Consolidation: Adapting Operations to Lower Occupancy

Hotels around the world are faced with the challenge to operate at lower occupancy levels for the foreseeable future.  To contend with this reality, hoteliers need to reset their cost base to create margins that will sustain their operations.  There is an opportunity to expand on an approach that has been employed successfully: centralization.  I encourage a conversation around the question of how many positions in a hotel could be centralized.  By and large, Accounting, IT and Reservations have successfully been centralized by many and laundry operations have been centralized or outsourced in many hotels as well.  Here is a list of positions that I believe can be considered for centralization to optimize costs:

1.      Housekeeping management

2.      Engineering

3. Security monitoring

4.      Night Audit

5.      Sales & Marketing

6.       Front Desk Operations

7. General Management

Historically, centralization beyond Accounting and Reservations has been challenging for several reasons:

1.       Hoteliers and associates can be set in their ways and resistant to change

2.       Owners have trouble understanding the accounting behind clustered operations

3.       Systems do not support clustered operations

4.       Management companies don’t have the logistics set up to handle clustered operations, especially those with a multi-brand portfolio with constraints placed by the multiple brands they operate .

I feel that the first two points are no longer the main roadblocks as the current situation requires everyone to think outside the box to survive.  The other two points require more effort but are definitely possible even though systems to operate hotels have largely been designed to operate within the walls of the facility.  I was involved in the design of HotSOS, the world’s leading hotel service optimization platform, and when we built this as a hosted solution we decided to architect it in a way that would allow the operating lines around a hotel to be redrawn and create clusters.  This has been used quite successfully to centralize guest call centers and cluster hotels when it comes to specialized Engineering trades. HotSOS users should all capitalize on this capability, and more system providers need to consider this as they move to the Cloud.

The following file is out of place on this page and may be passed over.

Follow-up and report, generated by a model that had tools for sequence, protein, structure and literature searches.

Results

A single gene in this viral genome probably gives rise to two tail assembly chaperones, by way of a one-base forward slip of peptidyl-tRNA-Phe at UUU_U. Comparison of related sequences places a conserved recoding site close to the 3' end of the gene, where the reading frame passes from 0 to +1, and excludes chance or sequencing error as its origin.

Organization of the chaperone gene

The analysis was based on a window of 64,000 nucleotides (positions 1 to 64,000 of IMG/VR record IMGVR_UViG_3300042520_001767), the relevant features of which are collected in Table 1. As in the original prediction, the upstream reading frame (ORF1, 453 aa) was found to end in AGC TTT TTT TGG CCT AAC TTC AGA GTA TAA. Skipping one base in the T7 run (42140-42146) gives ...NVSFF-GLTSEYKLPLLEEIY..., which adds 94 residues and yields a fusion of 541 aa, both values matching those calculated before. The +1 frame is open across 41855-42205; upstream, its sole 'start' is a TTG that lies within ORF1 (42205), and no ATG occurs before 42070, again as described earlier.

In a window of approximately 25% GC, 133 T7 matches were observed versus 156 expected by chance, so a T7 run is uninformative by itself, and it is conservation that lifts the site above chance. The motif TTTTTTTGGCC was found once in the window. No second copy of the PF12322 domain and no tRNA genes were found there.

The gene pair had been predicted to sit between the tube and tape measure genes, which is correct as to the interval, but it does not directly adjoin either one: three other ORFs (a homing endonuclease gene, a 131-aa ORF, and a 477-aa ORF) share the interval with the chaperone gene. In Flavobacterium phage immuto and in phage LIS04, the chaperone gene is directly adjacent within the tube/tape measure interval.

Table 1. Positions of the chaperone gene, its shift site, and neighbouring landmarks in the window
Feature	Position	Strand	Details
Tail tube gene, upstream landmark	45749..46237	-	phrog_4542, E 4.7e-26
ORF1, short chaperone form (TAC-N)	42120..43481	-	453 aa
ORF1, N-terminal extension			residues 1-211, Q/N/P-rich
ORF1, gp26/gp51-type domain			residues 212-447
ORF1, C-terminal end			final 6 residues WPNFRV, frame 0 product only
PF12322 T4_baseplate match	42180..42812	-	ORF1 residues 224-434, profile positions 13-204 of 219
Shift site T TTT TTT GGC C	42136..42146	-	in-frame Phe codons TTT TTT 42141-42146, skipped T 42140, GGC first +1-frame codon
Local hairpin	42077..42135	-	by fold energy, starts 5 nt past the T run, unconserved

I am now leading Hapi.  Hapi essentially Cloud-enables and normalizes the API layers provided by PMS vendors.  We help hotel and hotel tech companies build solutions that connect centrally rather than at each hotel.  This is evolving but can be used to create solutions that live above property, enabling centralized versions of some of the roles above.  We encourage all vendors to think like this and frankly use Hapi to accelerate their innovations.

Then, it will be up to the companies that manage hotels to create an operating model that supports these centralized roles, which to be staffed and housed, and the SOPs have to be rewritten.  Culture needs to be carefully considered at every step. This will be hard work that will pay off handsomely.  First, it will make many hotels that are suffering viable and in the long term, it will increase reliance on the management companies for services, in a very positive way.

I hope this gets people’s juices flowing.  I fully expect many people will disagree with some facet of what I propose, and all feedback is welcome.  Ultimately, I am not the one operating hotels.  I am just initiating a conversation that will hopefully bear fruit for the industry at large .

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